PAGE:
In 2016 ODAC began a partnership with Privacy International to explore the intersections between cybercrime and cybersecurity regulation, with human rights. Whilst engaging with partners in Malawi and Zimbabwe, we focused in particular on the attempts by the Department of Justice and Constitutional Development in South Africa to push a Cybercrime and Cybersecurity Bill through to Parliament, which in its early iterations seemed markedly unconstitutional.
Whilst the content of the Bill has presented challenges, there can be no denying the importance of trying to regulate cybercrime in particular within South Africa, whilst still acknowledging the other rights of access to information, freedom of expression and personal privacy encapsulated in our Constitution. In 2017 the US Federal Bureau of Investigation ranked South Africa sixth and seventh on the cybercrime predator list, thus highlighting the need for intervention. Yet, there are practical concerns outside of regulation that also need to be considered when contemplating how to deal with the scourge when considering a lacuna of technical expertise to help businesses and governments deal with incidences.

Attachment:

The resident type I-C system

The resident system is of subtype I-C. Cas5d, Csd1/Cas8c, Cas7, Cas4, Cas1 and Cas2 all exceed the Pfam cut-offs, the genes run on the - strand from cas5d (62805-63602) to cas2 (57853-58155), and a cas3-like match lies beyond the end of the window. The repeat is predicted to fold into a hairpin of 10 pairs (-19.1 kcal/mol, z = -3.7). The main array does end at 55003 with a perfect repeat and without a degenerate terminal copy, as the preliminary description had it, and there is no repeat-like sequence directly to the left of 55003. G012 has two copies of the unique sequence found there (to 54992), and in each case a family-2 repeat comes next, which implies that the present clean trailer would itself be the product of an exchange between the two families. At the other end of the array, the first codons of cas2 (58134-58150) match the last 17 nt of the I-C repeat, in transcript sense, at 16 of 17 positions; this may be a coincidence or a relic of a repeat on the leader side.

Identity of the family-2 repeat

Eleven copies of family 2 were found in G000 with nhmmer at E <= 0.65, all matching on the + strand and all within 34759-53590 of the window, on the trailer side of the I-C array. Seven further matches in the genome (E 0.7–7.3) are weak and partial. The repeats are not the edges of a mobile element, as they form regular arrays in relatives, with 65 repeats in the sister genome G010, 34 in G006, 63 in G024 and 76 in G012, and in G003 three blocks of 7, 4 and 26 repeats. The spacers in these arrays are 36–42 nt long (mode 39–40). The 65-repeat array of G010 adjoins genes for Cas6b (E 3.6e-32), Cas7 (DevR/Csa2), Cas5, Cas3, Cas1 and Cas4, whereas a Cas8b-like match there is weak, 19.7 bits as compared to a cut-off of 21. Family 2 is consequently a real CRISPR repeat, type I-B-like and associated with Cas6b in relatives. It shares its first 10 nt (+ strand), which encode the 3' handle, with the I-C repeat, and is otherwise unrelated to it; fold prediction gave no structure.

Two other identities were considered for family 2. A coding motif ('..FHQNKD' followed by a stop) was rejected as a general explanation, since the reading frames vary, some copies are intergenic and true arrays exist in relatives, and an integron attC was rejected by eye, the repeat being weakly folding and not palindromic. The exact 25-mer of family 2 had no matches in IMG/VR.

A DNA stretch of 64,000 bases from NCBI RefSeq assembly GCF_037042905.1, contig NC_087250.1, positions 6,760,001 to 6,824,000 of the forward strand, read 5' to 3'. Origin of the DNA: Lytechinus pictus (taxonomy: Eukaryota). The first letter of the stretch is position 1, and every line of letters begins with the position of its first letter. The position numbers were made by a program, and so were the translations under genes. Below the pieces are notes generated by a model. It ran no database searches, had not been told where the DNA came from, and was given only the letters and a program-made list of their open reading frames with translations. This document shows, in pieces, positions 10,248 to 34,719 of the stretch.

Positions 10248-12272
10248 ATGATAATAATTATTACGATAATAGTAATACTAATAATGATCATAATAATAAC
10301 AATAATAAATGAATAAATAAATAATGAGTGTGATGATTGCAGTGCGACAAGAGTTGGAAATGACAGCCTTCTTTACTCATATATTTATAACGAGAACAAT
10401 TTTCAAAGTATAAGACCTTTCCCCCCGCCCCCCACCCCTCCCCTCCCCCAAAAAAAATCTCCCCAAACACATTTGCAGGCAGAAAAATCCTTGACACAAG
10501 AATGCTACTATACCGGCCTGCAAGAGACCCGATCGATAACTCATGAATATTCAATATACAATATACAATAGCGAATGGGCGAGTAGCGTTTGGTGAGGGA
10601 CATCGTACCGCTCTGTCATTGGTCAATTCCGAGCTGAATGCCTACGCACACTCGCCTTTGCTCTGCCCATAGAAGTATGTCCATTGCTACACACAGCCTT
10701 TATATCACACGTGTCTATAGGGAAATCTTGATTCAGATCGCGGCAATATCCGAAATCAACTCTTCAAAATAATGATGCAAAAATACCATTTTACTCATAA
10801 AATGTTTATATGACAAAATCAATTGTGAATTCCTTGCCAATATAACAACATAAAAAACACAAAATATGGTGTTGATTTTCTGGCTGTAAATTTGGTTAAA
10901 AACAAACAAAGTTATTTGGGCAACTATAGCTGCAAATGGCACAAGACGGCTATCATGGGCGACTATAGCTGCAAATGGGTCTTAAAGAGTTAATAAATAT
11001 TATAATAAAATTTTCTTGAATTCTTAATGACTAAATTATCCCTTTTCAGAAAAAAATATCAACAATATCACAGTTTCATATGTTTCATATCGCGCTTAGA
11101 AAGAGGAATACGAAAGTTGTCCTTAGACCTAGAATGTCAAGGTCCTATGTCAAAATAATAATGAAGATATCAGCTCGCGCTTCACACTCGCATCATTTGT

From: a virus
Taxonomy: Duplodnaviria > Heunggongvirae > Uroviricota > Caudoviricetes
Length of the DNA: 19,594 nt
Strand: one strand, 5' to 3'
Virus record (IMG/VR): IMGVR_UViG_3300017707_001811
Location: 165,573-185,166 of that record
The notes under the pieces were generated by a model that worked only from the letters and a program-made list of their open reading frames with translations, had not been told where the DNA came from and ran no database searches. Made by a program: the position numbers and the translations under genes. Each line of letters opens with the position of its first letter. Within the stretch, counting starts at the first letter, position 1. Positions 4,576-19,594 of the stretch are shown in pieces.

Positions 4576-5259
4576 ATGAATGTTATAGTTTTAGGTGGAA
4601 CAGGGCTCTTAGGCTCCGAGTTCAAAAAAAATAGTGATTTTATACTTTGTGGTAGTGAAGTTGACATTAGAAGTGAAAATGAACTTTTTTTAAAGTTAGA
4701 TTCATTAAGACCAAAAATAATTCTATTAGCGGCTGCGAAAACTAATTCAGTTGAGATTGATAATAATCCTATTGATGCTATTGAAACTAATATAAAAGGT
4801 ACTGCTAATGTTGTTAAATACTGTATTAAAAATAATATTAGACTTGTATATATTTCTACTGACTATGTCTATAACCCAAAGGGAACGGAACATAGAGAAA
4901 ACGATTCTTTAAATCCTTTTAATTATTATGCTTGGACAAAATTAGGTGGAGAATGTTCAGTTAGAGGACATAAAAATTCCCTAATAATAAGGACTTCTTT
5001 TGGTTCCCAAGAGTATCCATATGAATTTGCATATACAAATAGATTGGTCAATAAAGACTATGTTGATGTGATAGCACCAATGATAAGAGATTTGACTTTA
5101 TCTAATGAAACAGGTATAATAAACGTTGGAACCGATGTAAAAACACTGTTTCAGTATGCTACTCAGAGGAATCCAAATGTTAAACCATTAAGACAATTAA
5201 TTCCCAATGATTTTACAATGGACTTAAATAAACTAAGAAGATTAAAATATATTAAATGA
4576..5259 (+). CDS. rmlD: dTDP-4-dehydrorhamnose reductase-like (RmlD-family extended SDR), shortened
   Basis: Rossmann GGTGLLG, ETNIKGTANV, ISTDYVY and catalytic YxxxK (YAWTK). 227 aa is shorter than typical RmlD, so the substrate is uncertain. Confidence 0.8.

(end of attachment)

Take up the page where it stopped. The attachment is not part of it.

Bearing this broader context in mind, ODAC undertook an advocacy and lobbying campaign to try and ensure the Bill could pass constitutional muster. This included parliamentary submissions, direct inclusion and engagement with the drafting campaign, and even media awareness:
To ensure the sustainability of these efforts, ODAC have created a document outlining the lessons learned that we hope will be of value to our partners everywhere. This document can be downloaded here.
We are also proud to launch our policy brief on the Cybercrimes and Cybersecurity legislative process in South Africa, which you can read here: